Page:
I learned how to bowl, I mean really bowl, during a college course. I chose the old style of bowling. Three fingers with a triangle layout, hand holding the ball on the side, arm swing, lift to impart rotational spin which will create a small hook as the ball travels down the lane. Bam. Bob’s your uncle.
That’s how I bowled from 1992 till December of 2021. There were different variations on the theme, of course, but everything changed a few months ago when I committed myself to learn the modern way of throwing a bowling ball. The original plan was to just get new equipment and keep my old college style but YouTube and Brad & Kyle messed that plan up.
I changed one little aspect of my release to start after buying my first brand new bowling ball (ever). Rather than start with my hand on the side of the ball, I started with it behind the ball and I’d rotate my hand to the side at the bottom of the forward swing and get some good rotational spin on the ball. That lasted a few weeks but I was quite inconsistent. I started watching videos from JR Reymond and Brad & Kyle after Googling how to throw a better hook. At first, it seemed too far out of reach for me to pick up the full modern way to throw a bowling ball – there were too many moving parts at the release that made the mechanics of it seem to difficult to bother with.
Then I picked up a stronger ball (in terms of the coverstock – the shell of the ball) that I could trust to hook if I rolled up the back of the ball on oily, slippery lanes. A strong ball grips the lane, even through oil, and I can trust it to hook. With that new revelation, I decided to change fully – and that’s when the serious practice started.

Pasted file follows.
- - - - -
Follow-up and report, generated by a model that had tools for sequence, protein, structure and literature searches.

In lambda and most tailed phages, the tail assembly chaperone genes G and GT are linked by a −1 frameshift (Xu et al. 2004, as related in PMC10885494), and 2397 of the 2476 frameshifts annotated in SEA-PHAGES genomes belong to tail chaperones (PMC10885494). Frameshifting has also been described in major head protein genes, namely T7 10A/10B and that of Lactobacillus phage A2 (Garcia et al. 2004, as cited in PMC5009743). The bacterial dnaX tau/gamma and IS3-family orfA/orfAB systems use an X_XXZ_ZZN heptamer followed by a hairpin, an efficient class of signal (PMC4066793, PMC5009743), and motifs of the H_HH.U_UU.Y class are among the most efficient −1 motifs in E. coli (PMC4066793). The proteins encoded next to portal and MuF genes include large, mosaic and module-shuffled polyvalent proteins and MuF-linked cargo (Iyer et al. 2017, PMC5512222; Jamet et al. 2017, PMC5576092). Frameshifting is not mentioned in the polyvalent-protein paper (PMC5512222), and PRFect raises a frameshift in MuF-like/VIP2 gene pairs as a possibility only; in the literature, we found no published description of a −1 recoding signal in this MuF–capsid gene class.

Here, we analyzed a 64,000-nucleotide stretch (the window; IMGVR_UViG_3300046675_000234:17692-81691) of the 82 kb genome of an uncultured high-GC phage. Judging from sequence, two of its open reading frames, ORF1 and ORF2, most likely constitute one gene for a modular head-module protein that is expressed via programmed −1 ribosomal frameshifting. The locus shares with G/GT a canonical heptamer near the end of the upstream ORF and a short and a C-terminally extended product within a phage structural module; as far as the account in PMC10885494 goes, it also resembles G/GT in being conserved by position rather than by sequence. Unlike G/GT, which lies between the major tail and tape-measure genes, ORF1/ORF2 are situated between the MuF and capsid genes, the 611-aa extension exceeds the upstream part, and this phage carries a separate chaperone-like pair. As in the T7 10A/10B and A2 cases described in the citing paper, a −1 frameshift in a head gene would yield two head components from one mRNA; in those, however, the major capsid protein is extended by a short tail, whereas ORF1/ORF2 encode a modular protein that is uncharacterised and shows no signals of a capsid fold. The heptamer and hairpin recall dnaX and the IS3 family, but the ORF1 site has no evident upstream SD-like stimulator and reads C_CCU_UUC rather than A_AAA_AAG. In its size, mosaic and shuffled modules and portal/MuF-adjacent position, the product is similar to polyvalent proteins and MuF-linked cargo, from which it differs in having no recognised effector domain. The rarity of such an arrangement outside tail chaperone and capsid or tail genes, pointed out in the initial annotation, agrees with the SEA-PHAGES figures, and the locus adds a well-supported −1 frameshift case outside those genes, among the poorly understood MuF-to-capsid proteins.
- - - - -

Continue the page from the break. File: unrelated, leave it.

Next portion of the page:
I did practice drills three or four nights a week in the spare bedroom, rolling my ball on the carpeted floor into pillows or an old mattress (the mattress was pretty cool, it actually returned the ball back to me for another throw). The key was learning the timing in getting my thumb out of the ball before my ring and middle fingers. Getting the thumb out early led to the ability to ride up the the back of the ball, putting more revolutions on the ball than I ever could have before, which helped the ball hook that much more.
After a week or two of drills, I started practicing a lot more. I’d go to an alley once or twice a week, in addition to my two league nights, to practice. I learned how to aim with the new release. I learned that I needed different bowling balls for different lanes. I couldn’t use the strong ball on two of my favorite lanes because it would hook too much and too early. Practice, practice, practice…
And now I’m comfortable with the new release. Enough I don’t resort to the old way of throwing a bowling ball and I’ve finally gotten to a point where I’m much more consistent.
All in all, with bowling three or four times a week, plus 15 to 30 minutes of drills in the spare bedroom a few nights a week, I completely changed how I bowled in about four weeks. I went from the way I learned in college to a modern bowling release, then learned how to aim that new release, in a month. The tough part was getting through the rough patch where I struggled with aim, hook and speed – while I was trying to put everything together. It took a lot of patience.
To my fellow bowling enthusiasts, my apologies for being a day late with my bowling post. I was too proud of my Cooter Yoga post to wait. I was laughing too hard to think rationally as I hit the schedule button. Cooter Yoga… now that’s funny.